________________ CM . . . . Volume XVIII Number 21. . . .February 3, 2012


Shannen and the Dream for a School. (The Kids' Power Series).

Janet Wilson.
Toronto, ON: Second Story Press, 2011.
206 pp., pbk., $14.95.
ISBN 978-1-926920-30-6.

Subject Headings:
Koostachin, Shannen, 1994-2010.
Indian activists-Ontario-Attawapiskat-Biography.
Children's rights-Ontario-Attawapiskat-Biography.
Cree children-Ontario-Attawapiskat-Biography.

Grades 5-8 / Ages 10-13.

Review by Myra Junyk.

***½ /4



"Nothing is impossible," her father continued. "If you believe in something, stand up and speak for what you believe."

Shannen felt her bruised heart swell with love as the tears choked in her throat. Her dad had a gentle way of turning a bad situation around to be hopeful. He taught his children to respect the Seven Grandfathers – Love, Respect, Truth, Honesty, Humility, Bravery, and Wisdom. They stood behind them, giving support at all times. "Take three steps in life," he told them, "Put the Creator first, because He made you and me; second is family, because they give you love; the third is education." Andrew Koostachin was respected as a good and strong leader, and at times like this, Shannen understood why.

"I know that today you feel all hope for a new school is gone, but tomorrow I want you to get up, pick up your books, and keep walking in your moccasins."


Shannen Koostachin is 13-years-old when she begins her Students-Helping-Students crusade for a new school in the Cree community of Attawapiskat in Northern Ontario. JR Nakogee Elementary School was the "heart of the community" until a fuel spill contaminated the building. As a result, the school children were transferred to drafty and smelly portables which were not conducive to education. The students of Attawapiskat were discouraged, and many dropped out of school before finishing their education.

     Shannen's first attempt to change the school situation is a YouTube video describing these injustices. The video pleads for a decent school to right the wrongs of many years of inadequate accommodations because of the fuel spill. Shannen hopes people will see the video on the Internet, but something unexpected happens. Many communities and schools across Canada see the video and actively start supporting the students of Attawapiskat!

      In an effort to bring the issue to the attention of the federal government, Shannen and her grade eight classmates journey to Ottawa to voice their concerns about the long-standing underfunding of First Nations schools. Shannen is invited to speak to the demonstrators and the media, and she even gets a chance to meet with the federal government Minister responsible for Aboriginal Affairs. Unfortunately, his response is disappointing. He tells the students that they might possibly get a new school – in 15 years! Shannen is angry, frustrated and disappointed when she tells the Minister, "The children are not going to quit. We are not going to give up until we have justice."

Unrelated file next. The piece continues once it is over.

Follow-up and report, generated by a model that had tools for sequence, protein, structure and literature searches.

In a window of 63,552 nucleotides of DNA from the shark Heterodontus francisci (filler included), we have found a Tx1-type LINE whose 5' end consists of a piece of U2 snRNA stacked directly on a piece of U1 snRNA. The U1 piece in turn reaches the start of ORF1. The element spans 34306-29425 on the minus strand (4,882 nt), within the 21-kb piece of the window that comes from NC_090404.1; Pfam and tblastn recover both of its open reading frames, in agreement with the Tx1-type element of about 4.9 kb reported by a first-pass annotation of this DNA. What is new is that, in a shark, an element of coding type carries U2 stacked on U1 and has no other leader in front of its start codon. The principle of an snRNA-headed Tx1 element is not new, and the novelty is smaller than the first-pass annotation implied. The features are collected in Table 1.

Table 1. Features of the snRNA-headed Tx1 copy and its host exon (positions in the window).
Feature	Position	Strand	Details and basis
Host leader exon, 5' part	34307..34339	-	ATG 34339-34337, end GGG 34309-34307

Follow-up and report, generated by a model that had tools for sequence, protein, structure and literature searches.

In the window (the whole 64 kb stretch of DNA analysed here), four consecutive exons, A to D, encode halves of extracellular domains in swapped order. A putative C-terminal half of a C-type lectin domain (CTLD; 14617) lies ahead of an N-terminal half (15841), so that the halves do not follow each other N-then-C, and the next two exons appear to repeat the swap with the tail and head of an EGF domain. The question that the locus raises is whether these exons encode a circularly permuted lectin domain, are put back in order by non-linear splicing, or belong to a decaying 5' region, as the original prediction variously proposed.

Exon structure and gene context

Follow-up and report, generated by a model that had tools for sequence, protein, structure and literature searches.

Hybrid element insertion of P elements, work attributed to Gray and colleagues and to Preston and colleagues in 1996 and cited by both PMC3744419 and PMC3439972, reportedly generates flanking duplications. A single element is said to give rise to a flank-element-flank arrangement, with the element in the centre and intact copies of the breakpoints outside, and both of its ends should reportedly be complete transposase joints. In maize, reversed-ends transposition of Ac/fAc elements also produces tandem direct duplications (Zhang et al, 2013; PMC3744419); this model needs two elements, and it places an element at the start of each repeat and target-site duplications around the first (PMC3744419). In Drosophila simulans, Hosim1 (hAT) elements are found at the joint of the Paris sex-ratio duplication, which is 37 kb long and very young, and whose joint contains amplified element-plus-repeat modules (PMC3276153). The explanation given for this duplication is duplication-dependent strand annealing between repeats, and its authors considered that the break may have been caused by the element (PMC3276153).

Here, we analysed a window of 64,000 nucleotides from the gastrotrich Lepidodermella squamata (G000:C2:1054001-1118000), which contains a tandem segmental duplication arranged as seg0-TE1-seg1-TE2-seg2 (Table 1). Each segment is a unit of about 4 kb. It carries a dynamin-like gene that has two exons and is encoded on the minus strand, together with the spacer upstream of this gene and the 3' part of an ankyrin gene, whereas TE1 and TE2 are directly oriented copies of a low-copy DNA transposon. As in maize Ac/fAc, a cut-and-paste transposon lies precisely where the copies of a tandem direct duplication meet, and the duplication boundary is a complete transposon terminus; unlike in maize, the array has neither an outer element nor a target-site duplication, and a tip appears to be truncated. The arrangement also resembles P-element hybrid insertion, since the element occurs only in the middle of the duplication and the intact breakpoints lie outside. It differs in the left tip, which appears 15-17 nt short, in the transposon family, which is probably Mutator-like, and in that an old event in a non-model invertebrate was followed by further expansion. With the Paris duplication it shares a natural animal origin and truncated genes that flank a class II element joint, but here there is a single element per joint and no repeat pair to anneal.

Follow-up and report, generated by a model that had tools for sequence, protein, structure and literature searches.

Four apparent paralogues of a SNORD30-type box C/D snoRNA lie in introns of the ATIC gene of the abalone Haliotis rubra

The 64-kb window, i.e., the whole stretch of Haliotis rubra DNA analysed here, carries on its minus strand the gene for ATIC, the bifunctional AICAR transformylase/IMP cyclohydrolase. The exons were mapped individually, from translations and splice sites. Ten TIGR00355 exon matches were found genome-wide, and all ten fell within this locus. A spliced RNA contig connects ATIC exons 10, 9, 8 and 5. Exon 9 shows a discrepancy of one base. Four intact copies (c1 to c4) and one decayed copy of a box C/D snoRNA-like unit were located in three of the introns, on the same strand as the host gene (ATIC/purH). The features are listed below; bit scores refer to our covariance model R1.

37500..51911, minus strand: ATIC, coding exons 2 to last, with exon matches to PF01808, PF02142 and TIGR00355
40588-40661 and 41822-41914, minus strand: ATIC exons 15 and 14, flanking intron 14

Janet Wilson has written a powerful account of the true story of one Aboriginal girl's fight for safe and comfortable schools for all children. Shannen's efforts got her a nomination for an International Children's Peace Prize. Despite the fact that Shannen died in 2010 in a tragic automobile accident, her fight for equitable education for First Nations children goes on even today. The group called "Shannen's Dream" was founded in her memory. They have written a report about the deplorable conditions of many reserve schools to be presented to the UN Rights of Children Convention.

      Although this book is based on a true story, Janet Wilson has "fictionalized" several events of Shannen's life. "I have imagined most of the dialogue, inspired by the recollections of many of the people involved…" (p. 2) Most of the book is a strong manifesto for change, but the last few chapters describing Shannen's uncertainties are not as powerful. The text is written in an accessible manner which will appeal to a wide range of readers. The photographs make Shannen's quest come alive. The quotations at the beginning of each chapter also very effectively express the urgency of Shannen's dream for justice in the educational environment of First Nations children.

      Shannen's tragic death left both her family and friends bereft with grief, but the memories, photographs and information they provided to Wilson for this book will keep her memory alive. Shannen Koostachin will be remembered as a courageous young person who stood up for the rights of the less fortunate in her community. Her words can serve as a manifesto for all learners, "I would tell the children…to ignore people who are putting you down. Get up and tell them what you want…what you need! NEVER give up hope. Get up; pick up your books, and GO TO SCHOOL (just not in portables)." (p. 146)

Highly Recommended.

Myra Junyk, a literacy advocate and author, lives in Toronto, ON.

To comment on this title or this review, send mail to cm@umanitoba.ca.

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